Erik Kobayashi-Solomon: I see, so a minimal exposure to kind of U.S. problems?

Adam Fleck: Absolutely. Although, there is concern of course of the global recession, that's consumer demand driven. There is of course a problem that you could have less consumer spending on these types of electronics that are more discretionary in nature. Already, 3M is seeing a bit of weakness in for instance their inkjet market.

Erik Kobayashi-Solomon: The rest of 3M's portfolio, the reason that it really attracted me is because it's mainly throwaway stuff, and stuff that they get good margins on. How do you see the economic weakness kind of affecting that part of the business?

Adam Fleck: Absolutely. It definitely is more essential, disposable materials, especially when you look throughout their abrasives segment, when you look throughout their healthcare segment, their safety segment. These are products that people are going to use and dispose of and renew no matter what the economic condition is.

However, you did allude to the fact that of course there is opportunity specifically for a company like 3M. Already, for instance they've been doing some bolt on acquisitions throughout the year, and through late 2007 and up to 2008 they have been adding to their core competencies and safety and abrasives.

Erik Kobayashi-Solomon: They have the balance sheet to support that?

Adam Fleck: Absolutely. They have a very clean balance sheet, and they have a 1.5 billion revolving credit line outstanding, that they'll be able to continue that I think.

Erik Kobayashi-Solomon: This actually leads me to one of the questions that I had looking at the financials myself. That is, they have always prided themselves on organic growth, but lately it seems like they are having to acquire sales growth. Is that a fair complaint about their businesses? Is this helping or hurting them do you think?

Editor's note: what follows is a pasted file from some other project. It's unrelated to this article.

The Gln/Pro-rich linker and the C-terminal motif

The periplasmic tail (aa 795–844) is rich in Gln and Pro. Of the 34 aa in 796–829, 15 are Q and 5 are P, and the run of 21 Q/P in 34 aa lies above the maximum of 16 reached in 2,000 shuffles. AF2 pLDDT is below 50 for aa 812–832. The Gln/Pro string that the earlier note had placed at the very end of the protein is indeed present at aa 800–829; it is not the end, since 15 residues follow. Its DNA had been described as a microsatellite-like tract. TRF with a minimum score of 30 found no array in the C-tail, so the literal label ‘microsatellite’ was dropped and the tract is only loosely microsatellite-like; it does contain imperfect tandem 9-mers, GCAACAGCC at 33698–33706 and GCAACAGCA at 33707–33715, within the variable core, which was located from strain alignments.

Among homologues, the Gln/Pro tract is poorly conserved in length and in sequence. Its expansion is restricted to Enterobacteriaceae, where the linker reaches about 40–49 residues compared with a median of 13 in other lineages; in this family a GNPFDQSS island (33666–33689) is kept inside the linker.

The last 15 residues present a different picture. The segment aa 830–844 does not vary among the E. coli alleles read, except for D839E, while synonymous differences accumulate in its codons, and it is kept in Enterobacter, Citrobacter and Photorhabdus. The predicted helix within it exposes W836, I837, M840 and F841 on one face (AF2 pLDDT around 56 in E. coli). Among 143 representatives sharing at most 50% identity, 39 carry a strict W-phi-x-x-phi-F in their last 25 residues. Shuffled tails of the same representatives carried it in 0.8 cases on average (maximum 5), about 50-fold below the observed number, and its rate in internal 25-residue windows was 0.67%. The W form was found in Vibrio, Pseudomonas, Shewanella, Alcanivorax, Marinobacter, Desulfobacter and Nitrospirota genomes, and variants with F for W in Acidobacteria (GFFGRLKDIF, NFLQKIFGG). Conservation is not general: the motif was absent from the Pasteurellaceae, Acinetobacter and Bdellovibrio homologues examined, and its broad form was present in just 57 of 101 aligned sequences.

Adam Fleck: I think it's definitely helping. For one, they are continuing to spend on their research and development cost. They are continuing to develop about 5% to 6% of sales and they look to do that going forward as well.

Not to mention, if you look at their return on invested capital, which is a huge metric for Morningstar, it's actually improved in the last 10 years, over 30% from about 22% as sales has increased about 50%. So, it's definitely been successful for them.

Erik Kobayashi-Solomon: I see. So, now we're looking at 3M right around our $55 strike. That means we're buying their stock. If we are assigned these options for something like $49.50, something like that. Right about there, what kind of dividend yield are we getting? How much are they paying in dividends?

Adam Fleck: They are paying about $2 a share in dividends. So, you're looking in upwards of 4% or 5%. We have an $85 fair value on this stock, so we definitely think it's a good deal for investors.

Erik Kobayashi-Solomon: Right. Well Adam, thanks a lot. I appreciate you kind of walking us through and giving us a little color.

Adam Fleck: Absolutely, anytime Erik.

Erik Kobayashi-Solomon: Thanks very much, and please continue to the OptionInvestor site. We've got lots of great investment ideas for up or down markets. I'm Erik Kobayashi-Solomon, thanks for watching.